My wife and son and I woke up on Nov. 9, 2018, as we do on any other Friday morning — excited for the weekend and in a rush to get our son off to school. We soon realized, however, that this day would not be like any other when went to the kitchen window to fill up our coffee maker and looked out over the hills towards the valley. We saw gigantic smoke plumes rising over the hills and heading straight for us. Within a minute, the phone rang. It was the Malibu emergency robo-call system alerting us, and everyone in the city, to evacuate immediately. During the next 15 minutes, my wife and I simultaneously freaked out, loaded up suitcases with whatever clothing we could, rounded up our son, collected the dogs and left our home thinking we would never see it again. In that brief time, the smoke plume had moved to within a quarter of a mile of our front door. As I struggled to manage my own grief and fear I drew strength in thinking about my patients.
During the next 15 minutes, the smoke plume moved to within a quarter of a mile of our front door.
For the past 25 years I have worked in the field of mental health. In 2001 I became a clinical psychologist and for the past 14 years I have owned health care companies that work exclusively with adolescents who suffer from anxiety, depression and trauma, in a residential treatment setting. Many of the stories are difficult to hear, but the one thing that rings true for most everybody that comes to us is the amazing resilience that these young people show in resurrecting their lives. Kids have gone from being unable to go to school, wanting to kill themselves, acting out on their families, isolating from the world, when, suddenly, in the midst of their darkness, something new and miraculous emerges.
As I write this in March 2019, it has been four months since the Woolsey fire. In Malibu alone, 1,500 structures were destroyed — more than 400 of them homes — costing an estimated $1.6 billion in damages. In all, 97,000 acres burned. The canyons and hillsides looked like the surface of the moon, but black. Three people died.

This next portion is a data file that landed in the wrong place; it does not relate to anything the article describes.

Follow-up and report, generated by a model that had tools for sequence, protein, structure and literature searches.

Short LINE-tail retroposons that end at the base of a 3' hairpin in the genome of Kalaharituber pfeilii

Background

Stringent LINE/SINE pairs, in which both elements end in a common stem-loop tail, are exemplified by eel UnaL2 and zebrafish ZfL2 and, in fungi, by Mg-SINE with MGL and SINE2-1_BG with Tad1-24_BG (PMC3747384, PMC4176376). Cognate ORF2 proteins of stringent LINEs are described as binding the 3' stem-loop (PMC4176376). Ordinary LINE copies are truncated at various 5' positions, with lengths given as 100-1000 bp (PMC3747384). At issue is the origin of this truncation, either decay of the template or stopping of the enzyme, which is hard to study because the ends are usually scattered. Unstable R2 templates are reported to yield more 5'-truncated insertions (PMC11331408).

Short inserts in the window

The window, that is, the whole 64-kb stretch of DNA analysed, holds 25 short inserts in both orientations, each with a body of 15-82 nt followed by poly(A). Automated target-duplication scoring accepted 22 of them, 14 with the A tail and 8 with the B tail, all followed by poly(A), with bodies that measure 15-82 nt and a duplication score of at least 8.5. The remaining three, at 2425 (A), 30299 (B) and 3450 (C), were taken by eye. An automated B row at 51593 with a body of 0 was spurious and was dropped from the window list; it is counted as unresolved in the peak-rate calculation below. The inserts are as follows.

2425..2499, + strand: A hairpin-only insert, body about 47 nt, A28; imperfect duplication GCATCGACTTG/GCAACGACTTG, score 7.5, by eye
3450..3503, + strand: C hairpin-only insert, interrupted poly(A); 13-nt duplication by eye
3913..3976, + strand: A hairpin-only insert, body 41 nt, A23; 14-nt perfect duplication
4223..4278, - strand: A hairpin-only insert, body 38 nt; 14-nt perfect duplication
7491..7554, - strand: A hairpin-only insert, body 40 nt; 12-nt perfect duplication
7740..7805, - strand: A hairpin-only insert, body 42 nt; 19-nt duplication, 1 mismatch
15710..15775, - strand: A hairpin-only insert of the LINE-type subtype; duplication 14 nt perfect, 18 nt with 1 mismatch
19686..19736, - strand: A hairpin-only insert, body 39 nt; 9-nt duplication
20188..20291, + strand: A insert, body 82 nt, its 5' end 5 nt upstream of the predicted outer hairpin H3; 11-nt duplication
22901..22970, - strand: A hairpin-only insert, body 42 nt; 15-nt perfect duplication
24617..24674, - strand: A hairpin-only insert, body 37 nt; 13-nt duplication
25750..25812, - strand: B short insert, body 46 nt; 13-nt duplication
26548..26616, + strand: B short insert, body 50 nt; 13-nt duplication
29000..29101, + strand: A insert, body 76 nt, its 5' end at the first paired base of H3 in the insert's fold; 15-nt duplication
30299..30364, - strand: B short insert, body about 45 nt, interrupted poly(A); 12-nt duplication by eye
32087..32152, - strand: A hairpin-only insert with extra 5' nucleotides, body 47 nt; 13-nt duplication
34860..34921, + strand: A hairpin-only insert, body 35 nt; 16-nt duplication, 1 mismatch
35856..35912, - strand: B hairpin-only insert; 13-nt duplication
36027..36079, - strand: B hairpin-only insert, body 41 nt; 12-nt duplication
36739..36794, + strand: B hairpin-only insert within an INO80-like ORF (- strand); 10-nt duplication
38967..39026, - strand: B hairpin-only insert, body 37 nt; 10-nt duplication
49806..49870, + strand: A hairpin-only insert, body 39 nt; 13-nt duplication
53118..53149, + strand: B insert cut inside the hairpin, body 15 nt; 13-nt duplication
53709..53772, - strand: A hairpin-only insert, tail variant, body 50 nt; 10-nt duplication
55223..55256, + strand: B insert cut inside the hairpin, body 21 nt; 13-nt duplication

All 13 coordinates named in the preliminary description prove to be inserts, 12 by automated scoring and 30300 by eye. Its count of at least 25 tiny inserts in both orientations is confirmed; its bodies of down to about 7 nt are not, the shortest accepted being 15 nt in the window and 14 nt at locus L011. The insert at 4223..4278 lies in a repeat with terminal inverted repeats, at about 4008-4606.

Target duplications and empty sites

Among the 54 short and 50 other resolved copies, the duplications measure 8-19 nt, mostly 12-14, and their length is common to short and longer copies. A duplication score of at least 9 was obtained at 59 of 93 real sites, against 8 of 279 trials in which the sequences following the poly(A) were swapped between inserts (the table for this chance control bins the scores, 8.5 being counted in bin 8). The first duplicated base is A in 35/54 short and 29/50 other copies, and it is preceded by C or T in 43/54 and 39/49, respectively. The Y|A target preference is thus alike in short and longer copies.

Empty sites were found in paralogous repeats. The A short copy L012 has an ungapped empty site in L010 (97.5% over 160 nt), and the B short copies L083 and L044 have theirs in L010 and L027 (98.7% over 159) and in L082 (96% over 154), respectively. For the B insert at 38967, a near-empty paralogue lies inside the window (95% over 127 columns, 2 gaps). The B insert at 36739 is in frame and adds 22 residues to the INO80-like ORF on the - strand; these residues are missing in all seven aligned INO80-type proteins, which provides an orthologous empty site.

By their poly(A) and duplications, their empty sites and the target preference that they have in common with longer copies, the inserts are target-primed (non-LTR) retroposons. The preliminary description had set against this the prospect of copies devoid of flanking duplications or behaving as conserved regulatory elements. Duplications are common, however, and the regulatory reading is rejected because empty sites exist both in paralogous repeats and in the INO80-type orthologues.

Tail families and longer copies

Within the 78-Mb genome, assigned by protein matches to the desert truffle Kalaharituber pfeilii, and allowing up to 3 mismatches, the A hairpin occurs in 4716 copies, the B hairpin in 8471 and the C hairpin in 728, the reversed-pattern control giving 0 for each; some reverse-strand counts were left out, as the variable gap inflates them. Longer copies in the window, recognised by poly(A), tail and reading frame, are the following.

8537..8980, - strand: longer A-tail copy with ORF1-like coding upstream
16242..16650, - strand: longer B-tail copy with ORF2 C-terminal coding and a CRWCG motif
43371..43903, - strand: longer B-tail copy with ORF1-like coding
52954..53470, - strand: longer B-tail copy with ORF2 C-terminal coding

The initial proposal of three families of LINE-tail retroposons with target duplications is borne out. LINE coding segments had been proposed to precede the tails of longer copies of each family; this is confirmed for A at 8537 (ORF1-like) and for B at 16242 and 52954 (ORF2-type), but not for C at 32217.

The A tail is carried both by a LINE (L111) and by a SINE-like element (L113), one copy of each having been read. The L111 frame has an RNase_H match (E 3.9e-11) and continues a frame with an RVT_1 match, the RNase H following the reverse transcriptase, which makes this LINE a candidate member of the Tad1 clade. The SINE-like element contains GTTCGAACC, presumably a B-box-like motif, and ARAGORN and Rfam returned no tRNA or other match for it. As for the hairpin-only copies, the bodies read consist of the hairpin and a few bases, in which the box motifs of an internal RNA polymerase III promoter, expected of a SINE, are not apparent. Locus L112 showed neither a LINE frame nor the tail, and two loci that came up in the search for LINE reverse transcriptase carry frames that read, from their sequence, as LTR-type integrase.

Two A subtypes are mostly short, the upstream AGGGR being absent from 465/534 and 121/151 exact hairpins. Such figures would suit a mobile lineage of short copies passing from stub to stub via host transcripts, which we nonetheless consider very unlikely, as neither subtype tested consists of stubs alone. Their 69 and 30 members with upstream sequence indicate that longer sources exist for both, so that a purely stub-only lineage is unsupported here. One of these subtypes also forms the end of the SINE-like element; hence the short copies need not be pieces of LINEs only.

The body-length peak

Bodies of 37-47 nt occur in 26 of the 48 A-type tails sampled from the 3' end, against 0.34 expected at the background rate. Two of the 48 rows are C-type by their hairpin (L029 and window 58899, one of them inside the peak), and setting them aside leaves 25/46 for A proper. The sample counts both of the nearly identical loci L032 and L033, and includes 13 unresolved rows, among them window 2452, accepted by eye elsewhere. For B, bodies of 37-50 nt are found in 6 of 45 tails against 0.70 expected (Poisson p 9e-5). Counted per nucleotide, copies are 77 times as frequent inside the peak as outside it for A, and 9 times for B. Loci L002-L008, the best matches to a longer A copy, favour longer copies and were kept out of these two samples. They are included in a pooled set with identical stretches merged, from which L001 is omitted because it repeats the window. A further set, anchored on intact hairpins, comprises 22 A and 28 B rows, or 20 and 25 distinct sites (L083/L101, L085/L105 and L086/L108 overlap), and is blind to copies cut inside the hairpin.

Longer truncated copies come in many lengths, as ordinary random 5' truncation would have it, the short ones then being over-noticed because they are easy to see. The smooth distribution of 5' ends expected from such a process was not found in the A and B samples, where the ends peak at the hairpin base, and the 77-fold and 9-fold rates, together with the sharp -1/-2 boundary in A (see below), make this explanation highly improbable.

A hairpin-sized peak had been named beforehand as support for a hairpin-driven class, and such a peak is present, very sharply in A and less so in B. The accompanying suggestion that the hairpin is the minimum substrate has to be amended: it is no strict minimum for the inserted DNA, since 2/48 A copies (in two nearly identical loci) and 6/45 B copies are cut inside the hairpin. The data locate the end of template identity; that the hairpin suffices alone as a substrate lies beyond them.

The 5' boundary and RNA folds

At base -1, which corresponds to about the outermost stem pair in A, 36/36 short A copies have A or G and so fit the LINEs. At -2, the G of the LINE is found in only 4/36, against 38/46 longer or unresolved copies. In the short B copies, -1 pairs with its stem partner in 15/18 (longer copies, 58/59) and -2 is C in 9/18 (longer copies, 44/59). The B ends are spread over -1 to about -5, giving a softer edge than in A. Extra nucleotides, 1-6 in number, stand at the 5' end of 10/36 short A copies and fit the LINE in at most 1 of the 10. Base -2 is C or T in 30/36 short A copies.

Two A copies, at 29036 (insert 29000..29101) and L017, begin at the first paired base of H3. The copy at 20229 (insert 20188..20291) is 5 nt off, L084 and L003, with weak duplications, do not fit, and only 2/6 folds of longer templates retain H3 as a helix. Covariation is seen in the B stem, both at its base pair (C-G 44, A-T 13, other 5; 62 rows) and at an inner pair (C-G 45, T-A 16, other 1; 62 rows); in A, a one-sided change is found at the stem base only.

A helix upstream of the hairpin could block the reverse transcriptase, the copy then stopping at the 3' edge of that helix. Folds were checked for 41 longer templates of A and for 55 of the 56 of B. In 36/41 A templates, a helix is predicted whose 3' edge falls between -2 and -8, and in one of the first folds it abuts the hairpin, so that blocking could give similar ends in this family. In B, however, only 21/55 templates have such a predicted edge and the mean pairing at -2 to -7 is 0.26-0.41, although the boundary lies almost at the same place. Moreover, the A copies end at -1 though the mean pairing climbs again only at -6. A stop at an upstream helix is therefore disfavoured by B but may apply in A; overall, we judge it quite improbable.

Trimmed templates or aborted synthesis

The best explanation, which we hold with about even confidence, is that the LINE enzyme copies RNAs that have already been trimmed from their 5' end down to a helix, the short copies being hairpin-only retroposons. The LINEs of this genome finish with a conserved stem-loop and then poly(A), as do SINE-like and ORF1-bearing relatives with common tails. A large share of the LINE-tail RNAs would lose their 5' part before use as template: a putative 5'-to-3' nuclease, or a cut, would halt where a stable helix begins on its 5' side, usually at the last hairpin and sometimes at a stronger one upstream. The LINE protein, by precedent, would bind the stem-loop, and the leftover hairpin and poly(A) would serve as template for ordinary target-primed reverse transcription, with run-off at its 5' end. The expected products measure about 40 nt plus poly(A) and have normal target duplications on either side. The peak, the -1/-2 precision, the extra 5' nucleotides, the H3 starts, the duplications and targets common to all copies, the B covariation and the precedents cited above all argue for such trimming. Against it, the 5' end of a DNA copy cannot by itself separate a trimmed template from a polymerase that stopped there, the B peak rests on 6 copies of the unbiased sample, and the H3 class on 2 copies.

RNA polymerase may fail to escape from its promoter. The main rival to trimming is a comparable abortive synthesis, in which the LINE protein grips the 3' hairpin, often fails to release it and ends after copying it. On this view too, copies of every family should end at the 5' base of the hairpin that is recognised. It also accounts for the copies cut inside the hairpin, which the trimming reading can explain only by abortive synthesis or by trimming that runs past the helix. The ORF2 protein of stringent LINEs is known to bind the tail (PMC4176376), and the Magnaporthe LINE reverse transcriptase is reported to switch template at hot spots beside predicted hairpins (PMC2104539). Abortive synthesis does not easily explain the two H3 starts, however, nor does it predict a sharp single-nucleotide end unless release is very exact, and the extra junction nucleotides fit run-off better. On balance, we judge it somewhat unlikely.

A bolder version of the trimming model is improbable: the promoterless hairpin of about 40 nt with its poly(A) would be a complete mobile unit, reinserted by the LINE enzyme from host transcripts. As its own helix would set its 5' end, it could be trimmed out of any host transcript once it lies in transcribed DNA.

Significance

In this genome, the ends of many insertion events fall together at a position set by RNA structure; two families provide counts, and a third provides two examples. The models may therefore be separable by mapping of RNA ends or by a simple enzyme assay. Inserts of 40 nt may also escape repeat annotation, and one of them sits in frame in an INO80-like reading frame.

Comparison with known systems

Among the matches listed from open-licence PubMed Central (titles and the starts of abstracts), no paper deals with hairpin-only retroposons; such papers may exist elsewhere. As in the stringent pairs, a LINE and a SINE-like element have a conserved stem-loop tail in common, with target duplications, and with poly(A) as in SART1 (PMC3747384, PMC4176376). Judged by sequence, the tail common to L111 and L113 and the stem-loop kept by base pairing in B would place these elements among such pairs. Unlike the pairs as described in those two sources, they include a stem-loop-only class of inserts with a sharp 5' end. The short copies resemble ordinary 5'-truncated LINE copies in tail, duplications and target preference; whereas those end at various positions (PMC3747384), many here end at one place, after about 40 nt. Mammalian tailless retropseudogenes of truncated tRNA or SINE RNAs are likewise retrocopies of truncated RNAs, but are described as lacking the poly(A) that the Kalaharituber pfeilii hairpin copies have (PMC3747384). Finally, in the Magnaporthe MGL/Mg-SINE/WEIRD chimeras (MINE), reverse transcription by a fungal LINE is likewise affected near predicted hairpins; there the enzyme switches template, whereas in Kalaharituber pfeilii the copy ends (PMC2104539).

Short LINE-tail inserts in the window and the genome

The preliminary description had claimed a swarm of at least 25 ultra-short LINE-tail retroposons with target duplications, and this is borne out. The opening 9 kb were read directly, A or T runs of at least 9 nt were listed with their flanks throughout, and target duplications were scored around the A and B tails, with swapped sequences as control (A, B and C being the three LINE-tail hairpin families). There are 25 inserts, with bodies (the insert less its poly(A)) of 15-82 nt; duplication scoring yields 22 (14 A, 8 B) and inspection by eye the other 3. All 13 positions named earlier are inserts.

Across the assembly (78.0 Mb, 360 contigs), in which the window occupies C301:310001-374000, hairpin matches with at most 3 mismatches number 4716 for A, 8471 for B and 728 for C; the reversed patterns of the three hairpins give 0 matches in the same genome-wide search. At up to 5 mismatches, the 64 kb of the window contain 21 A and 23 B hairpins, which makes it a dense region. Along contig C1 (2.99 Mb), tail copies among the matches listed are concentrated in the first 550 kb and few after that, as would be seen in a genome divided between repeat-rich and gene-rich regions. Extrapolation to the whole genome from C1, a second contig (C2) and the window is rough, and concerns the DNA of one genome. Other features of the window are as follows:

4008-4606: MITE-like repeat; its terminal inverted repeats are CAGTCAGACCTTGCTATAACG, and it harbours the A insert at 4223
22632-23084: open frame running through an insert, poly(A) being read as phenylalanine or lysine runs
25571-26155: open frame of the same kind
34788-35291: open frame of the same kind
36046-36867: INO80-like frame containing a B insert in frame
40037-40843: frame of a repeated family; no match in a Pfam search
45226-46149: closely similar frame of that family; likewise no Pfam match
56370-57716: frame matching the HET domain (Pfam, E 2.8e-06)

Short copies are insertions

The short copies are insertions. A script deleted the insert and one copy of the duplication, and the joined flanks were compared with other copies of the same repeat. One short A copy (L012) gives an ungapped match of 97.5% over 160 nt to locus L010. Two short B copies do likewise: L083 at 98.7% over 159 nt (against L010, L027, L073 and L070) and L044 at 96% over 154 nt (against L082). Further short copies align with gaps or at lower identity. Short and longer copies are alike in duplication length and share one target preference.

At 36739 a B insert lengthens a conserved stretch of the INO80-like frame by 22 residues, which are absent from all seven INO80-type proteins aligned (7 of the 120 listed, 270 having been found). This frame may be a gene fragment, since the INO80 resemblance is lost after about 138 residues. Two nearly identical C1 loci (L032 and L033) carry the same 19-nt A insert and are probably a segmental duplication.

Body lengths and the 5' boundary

My family and I were among the luckier ones. When we returned to our house, it was still standing. As we acclimated back into the transformed landscape of our city, we would go more out of our way to see our neighbors. We opened up more. We shared our stories. We mourned. We hugged each other. We all began to heal.
It’s been four months since the Woolsey fire. I’m looking out of my bedroom window at the hillsides, what was once blackness is now covered in green sage and yellow mustard seed. The rabbits, coyotes and hawks have returned. Time and again, my mind returns to the brave adolescents that we work with every day and their parallel journey with this place. Moving from that devastating darkness that they carry with them, to these resurrected souls that we watch emerge. It’s shocking how much healing can take place in a matter of months. I am grateful to witness these changes.
A quarter of a century ago, I walked off the LMU campus as a student. At LMU, I started to learn how to honor the struggles that people experience every day and how to be with them as they move toward resurrection. Today, I bridge the thoughts of my classmates of the past and the patients, friends, neighbors, family and city of Malibu of my present.
Photo by Jon Rou
This article appeared in the spring 2019 issue (Vol. 9, No. 1) of LMU Magazine.